I’m a huge fan of Steve McQueen! He lived in Malibu and was into motorcycles – just like me. He was a guy who had his flaws, with weaknesses and humanity. Not a god, but a person like you and me. And he had character, was good-hearted and kind. In other words, he was a role model in every sense of the word. Which is really rare in Hollywood today.

Be honest: What do you look for most in a woman? Which parts of the body do you find most attractive?
[laughs] T and A, of course. Why should I lie about that? I’m just a guy. Though that’s not what I notice first. Mostly it’s the face, especially the eyes. I can really lose myself in the eyes, because they tell me everything about a person: whether they’re happy or sad, arrogant or shy, adventurous or innocent. The eyes are the windows to the soul. And there’s nothing more exciting than recognizing something of yourself in them.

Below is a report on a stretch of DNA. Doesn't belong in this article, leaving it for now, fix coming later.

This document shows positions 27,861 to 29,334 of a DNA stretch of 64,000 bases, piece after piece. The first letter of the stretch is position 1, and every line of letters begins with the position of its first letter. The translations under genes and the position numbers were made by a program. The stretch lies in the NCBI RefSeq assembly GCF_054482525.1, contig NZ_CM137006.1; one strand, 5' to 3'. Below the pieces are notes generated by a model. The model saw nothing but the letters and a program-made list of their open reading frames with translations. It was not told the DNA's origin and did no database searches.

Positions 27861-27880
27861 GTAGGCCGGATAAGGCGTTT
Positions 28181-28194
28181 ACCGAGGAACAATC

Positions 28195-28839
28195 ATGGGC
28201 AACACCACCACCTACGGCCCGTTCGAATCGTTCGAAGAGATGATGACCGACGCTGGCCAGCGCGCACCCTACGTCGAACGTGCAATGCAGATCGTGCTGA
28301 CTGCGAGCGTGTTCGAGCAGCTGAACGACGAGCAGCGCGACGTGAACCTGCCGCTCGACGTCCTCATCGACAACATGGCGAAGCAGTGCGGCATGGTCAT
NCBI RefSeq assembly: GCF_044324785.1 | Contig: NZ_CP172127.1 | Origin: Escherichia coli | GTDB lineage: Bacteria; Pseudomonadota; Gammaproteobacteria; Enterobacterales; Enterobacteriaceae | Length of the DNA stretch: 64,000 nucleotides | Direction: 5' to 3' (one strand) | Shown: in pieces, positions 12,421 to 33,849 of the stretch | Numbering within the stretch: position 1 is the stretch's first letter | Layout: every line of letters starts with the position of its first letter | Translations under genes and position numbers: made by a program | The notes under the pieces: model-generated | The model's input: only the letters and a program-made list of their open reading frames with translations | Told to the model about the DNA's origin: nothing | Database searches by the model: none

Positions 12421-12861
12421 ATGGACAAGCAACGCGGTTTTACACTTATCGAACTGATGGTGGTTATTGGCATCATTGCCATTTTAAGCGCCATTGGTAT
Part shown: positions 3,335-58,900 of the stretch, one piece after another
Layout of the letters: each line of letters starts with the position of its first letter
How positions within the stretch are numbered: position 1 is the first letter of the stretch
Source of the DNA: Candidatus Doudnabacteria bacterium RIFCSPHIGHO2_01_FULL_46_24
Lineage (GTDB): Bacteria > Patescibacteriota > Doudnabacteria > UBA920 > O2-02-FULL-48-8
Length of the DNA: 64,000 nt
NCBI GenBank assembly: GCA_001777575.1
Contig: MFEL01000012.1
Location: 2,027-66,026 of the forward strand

What's better: sports or sex?
There’s no better or worse here. Both are important to me: sex from an emotional point of view, sports from a physical one. And they complement each other perfectly – they balance me out completely.

" The eyes are the windows to the soul. And there’s nothing more exciting than recognizing something of yourself in them."

Anthony Kiedis

What do you say about people calling you a womanizer?
I’ve never felt like a womanizer. I just like beautiful people. Sure, I’ve had my experiences, but it would be unfair to call me a womanizer just because of that – because I’m not. I don’t like the word, because it has something negative about it. Like someone who exploits and takes advantage of women. I don’t do that. I’ve always treated women with respect. Because I love them.